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Decorative Mats

The Production of Natural Rubber Mats

Rubber Stair Mats on white tile stepsToday, almost 70% of the world’s rubber is produced synthetically from crude oil. However, even though synthetic rubber has risen as top dog of the rubber market, we can’t forget its natural roots—literally! Its origin is actually in the form of a sticky sap that oozes out of the Para rubber tree, Hevea Brasiliensis. Large village plantations contain hundreds of these trees which are cultivated for the collection of their sap. This sap, or latex, is produced by the tree as a response to injury. When the tree is wounded or, more appropriately, cut, the white sap covers the cuts, allowing the tree to heal—a process that is actually quite similar to human wound healing. Here are five forgotten great reasons to buy natural rubber mats:

  1. Decorative rubber mats are almost always made from natural rubber since this raw material is of a higher quality and easier to work with.
  2. Rubber matting made from natural rubber is almost always made by more sophisticated factories that produce a better and more reliable product.
  3. Plantations and rubber factories are always local to one another which allows for limited emissions. Transportation between the source and production facility is minimal. Workers that produce rubber matting from the Para tree almost always know the rubber tree as a local plant.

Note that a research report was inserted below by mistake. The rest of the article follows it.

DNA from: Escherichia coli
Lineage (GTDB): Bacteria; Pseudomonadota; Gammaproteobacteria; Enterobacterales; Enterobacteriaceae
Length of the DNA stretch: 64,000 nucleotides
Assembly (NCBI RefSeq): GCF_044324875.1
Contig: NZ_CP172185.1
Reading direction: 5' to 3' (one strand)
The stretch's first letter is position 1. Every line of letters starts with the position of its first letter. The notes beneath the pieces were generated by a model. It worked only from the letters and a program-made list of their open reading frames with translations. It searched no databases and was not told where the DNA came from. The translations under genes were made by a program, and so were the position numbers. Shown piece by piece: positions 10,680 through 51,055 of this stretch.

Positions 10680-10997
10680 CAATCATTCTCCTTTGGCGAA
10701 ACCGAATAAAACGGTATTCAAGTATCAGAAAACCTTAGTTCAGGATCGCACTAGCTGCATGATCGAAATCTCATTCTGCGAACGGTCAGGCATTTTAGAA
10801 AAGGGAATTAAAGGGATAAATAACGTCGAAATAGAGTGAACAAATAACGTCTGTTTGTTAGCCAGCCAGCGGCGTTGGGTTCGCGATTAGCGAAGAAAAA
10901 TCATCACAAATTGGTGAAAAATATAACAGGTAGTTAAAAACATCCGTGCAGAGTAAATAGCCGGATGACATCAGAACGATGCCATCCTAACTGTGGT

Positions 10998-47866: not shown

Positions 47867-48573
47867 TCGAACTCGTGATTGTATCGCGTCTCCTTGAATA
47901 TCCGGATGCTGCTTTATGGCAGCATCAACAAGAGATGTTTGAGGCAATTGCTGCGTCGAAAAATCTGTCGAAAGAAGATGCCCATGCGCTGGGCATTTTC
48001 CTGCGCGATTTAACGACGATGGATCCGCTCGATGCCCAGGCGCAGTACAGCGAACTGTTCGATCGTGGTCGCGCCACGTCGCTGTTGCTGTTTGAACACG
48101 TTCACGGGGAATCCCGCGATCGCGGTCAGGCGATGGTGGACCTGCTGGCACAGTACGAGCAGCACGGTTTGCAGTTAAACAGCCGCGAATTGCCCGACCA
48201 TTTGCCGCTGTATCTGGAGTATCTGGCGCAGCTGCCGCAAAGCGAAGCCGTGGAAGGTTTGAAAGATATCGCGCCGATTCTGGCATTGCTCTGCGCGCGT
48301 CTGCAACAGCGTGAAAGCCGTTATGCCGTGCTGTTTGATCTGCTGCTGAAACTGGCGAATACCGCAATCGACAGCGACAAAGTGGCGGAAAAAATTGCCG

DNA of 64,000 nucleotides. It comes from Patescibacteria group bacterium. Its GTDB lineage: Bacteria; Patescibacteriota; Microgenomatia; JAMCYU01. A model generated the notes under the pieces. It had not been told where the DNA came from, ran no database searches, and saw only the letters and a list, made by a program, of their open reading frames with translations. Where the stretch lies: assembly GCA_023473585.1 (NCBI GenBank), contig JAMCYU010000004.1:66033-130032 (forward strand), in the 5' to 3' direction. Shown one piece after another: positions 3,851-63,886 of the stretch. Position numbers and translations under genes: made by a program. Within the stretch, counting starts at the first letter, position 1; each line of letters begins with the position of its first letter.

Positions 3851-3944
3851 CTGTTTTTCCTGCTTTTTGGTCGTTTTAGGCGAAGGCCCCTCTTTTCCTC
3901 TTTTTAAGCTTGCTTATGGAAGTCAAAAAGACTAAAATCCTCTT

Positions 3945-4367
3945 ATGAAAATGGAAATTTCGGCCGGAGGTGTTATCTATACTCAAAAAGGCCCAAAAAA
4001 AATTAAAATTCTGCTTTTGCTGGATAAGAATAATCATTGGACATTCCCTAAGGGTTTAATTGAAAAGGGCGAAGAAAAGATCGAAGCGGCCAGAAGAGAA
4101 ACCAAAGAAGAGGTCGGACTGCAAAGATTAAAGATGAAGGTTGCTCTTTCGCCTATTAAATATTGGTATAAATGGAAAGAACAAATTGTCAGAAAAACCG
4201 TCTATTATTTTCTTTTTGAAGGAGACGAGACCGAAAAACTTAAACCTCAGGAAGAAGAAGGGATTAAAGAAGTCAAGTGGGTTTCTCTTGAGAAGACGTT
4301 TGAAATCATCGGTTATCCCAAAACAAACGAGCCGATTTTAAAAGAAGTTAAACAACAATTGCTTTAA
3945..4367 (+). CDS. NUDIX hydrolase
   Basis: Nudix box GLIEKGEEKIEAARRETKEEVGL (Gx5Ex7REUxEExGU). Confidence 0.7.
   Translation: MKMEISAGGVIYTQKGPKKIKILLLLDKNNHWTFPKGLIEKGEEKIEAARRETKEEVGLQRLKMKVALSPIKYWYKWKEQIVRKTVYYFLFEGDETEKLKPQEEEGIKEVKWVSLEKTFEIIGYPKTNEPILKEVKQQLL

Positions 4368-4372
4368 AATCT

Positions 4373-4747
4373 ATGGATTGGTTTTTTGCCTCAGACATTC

4. Sonoma Coast Rubber Doormat outside of double doors on brick floorInnovations have always been led by firms producing rubber mats from natural materials. Everyone else follows, and the imitations are always less worthy of a second look.
  5. Natural rubber is not only biodegradable and eco-friendly; it is also the basis of the livelihood of small subsistence farmers and factories in poor countries. In places like Malaysia, Indonesia, India, Sri Lanka, Thailand small farmers grow the rubber tree, their families harvest the sap, and small workshops process the rubber and turn it into products like decorative rubber mats or rubber step mats.

First, industry workers make shallow cuts in the bark of the rubber tree, and let the sap flow into an old hollow coconut shell. The rubber sap comes out of the tree as a white, liquid substance. Over time, it hardens, but does not become entirely dried—it retains flexible stretch and elasticity! When the tree has produced enough rubber to fill the cup, the cut is covered and given time to heal over. The collected pure rubber is taken to the village, where basic machinery is used to roll the pure rubber into long rubber sheets. Some of these are rolled, packed, and shipped to manufacturers as raw rubber material. Others are rolled out in the shape of small rubber mats, which are left in the sun and baked. These singular mats are used in a variety of small scale rubber applications. The entire rubber production process is a sustainable, eco-friendly procedure. Unlike the lumber industry, the trees are not cut down in order to collect the materials; nor are barrels of crude oil being used to make synthetic materials. Rubber matting from natural rubber requires constant re-harvesting!